Russian riot police have detained about 40 protesters and several opposition leaders to stop them from taking part in a banned rally against President Vladimir Putin in front of the former KGB security police's headquarters in Moscow.
Police moved in lines to channel participants in the rally toward a nearby metro station and cleared the Lubyanka Square where the rally had taken place on Saturday.
Leftist Sergei Udaltsov and anti-corruption blogger Alexei Navalny were detained in the square, where witnesses said about 3,000 people gathered, and protest leaders Ilya Yashin and Ksenia Sobchak were detained on their way.
All four were released without charge hours later, indicating they had been detained to prevent them stirring up the crowd at the protest.
Some of the other detainees appeared to include journalists. One man shouted "I can show you my press card!" as he was dragged toward a police van.
The rally was intended to celebrate the first anniversary of demonstrations that grew into the biggest protests against Putin since he rose to power 13 years ago, but police were out in force to keep order and helicopters buzzed overhead.
Despite the risk of arrest, protesters stood clapping. Some chanted "Free political prisoners" and "Shame".
Moscow city authorities refused to authorise the protest and police in helmets and flak jackets told people to leave as they gathered for the rally despite the freezing cold.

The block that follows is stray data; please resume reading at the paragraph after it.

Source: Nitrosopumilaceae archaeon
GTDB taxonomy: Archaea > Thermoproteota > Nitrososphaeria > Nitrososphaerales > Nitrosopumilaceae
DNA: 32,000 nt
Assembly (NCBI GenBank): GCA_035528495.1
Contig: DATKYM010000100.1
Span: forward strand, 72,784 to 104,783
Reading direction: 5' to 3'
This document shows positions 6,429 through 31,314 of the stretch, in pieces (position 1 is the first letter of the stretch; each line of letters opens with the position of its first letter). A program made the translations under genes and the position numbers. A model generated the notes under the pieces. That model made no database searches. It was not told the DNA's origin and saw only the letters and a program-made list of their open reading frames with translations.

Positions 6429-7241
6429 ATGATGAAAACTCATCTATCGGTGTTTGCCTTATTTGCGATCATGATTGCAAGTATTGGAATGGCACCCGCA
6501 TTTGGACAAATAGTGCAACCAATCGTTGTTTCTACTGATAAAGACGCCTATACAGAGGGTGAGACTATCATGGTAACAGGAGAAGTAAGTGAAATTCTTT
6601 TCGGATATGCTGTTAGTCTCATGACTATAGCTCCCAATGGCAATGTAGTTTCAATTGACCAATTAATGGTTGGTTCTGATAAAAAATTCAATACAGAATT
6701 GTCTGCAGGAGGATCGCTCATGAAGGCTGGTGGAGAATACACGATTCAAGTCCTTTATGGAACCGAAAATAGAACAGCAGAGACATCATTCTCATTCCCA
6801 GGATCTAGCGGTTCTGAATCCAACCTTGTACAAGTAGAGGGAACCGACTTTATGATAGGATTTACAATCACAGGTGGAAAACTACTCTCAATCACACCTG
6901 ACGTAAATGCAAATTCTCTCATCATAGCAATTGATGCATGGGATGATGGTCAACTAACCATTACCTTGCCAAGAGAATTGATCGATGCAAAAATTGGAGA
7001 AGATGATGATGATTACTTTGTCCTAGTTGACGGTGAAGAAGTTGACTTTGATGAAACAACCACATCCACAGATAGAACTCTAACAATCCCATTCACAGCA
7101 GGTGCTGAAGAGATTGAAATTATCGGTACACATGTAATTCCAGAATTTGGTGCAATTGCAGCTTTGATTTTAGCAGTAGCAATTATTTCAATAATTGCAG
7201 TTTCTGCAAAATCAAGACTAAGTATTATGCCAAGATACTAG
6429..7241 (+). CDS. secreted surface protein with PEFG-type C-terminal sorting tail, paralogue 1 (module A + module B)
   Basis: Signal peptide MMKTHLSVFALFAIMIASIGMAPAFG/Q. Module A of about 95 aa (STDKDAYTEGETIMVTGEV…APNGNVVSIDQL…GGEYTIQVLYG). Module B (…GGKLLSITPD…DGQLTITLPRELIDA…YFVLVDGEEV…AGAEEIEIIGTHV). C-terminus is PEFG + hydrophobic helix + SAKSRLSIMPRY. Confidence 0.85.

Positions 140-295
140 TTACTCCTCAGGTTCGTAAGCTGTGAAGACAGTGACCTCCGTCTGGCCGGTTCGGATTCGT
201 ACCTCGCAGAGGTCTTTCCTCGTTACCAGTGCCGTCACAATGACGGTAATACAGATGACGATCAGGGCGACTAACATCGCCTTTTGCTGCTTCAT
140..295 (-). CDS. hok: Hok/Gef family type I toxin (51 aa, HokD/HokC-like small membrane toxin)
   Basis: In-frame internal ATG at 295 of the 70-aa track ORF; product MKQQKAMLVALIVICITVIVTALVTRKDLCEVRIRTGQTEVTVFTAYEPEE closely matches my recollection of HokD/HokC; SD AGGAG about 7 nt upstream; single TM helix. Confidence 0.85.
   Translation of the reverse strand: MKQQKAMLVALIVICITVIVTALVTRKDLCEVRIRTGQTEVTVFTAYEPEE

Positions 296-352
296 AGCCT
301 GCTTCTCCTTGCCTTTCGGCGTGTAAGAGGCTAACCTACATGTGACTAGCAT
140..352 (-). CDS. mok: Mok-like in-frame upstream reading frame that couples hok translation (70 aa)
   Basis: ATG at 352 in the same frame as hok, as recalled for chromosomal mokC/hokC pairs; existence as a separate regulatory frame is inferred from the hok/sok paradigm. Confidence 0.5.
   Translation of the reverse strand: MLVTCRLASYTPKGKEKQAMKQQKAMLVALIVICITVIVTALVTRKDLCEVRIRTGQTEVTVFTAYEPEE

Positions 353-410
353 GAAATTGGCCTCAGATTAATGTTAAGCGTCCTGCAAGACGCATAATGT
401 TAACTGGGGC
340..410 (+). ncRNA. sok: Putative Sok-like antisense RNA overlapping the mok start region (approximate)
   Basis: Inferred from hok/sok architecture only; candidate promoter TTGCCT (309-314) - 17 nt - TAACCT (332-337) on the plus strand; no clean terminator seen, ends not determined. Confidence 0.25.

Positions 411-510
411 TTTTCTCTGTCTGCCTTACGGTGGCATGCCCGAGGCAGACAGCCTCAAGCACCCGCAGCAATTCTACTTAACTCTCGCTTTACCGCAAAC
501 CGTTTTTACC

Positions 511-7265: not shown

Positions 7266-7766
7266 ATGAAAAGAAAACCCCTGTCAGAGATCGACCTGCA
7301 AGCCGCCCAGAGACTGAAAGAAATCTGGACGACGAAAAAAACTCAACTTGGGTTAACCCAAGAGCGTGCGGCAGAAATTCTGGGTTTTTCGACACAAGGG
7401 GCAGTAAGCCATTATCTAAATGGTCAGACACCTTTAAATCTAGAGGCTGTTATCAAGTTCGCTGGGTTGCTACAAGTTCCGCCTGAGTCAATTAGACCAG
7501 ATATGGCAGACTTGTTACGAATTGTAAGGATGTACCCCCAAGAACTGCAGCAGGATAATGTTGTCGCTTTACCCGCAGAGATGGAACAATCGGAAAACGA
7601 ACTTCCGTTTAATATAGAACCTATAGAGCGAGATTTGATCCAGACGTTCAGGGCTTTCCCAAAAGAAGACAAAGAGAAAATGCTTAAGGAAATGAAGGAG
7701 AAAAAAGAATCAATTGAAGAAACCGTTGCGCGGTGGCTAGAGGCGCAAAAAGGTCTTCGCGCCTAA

The protests began a year ago over suspicions that Putin's United Russia party benefited from widespread vote-rigging when it won a parliamentary election. Opponents say Putin's domination of Russia is dooming the country to economic and political stagnation at a time when it needs reform.
The protests reached their peak at the turn of the year but started to wane after Putin won nearly two-thirds of votes in the presidential election in March, enabling him to return for his third presidential term after four years as prime minister.
The demonstrations accelerated the birth of a civil society two decades after the collapse of the Soviet Union, but opposition leaders accuse Putin of clamping down on dissent and freedom of expression since he began his new presidential term in May.
Laws passed since May broaden the definition of treason, increase the punishment for protesters who step out of line, and tighten control over the Internet and on campaign and lobby groups that receive foreign funding.
Several opposition leaders, including Navalny, face criminal charges that they say are politically motivated and intended to intimidate them into giving up their opposition activities.
Putin, 60, denies any crackdown. He maintains a grip on state media and has retained support in the industrial and provincial areas that are his traditional power base.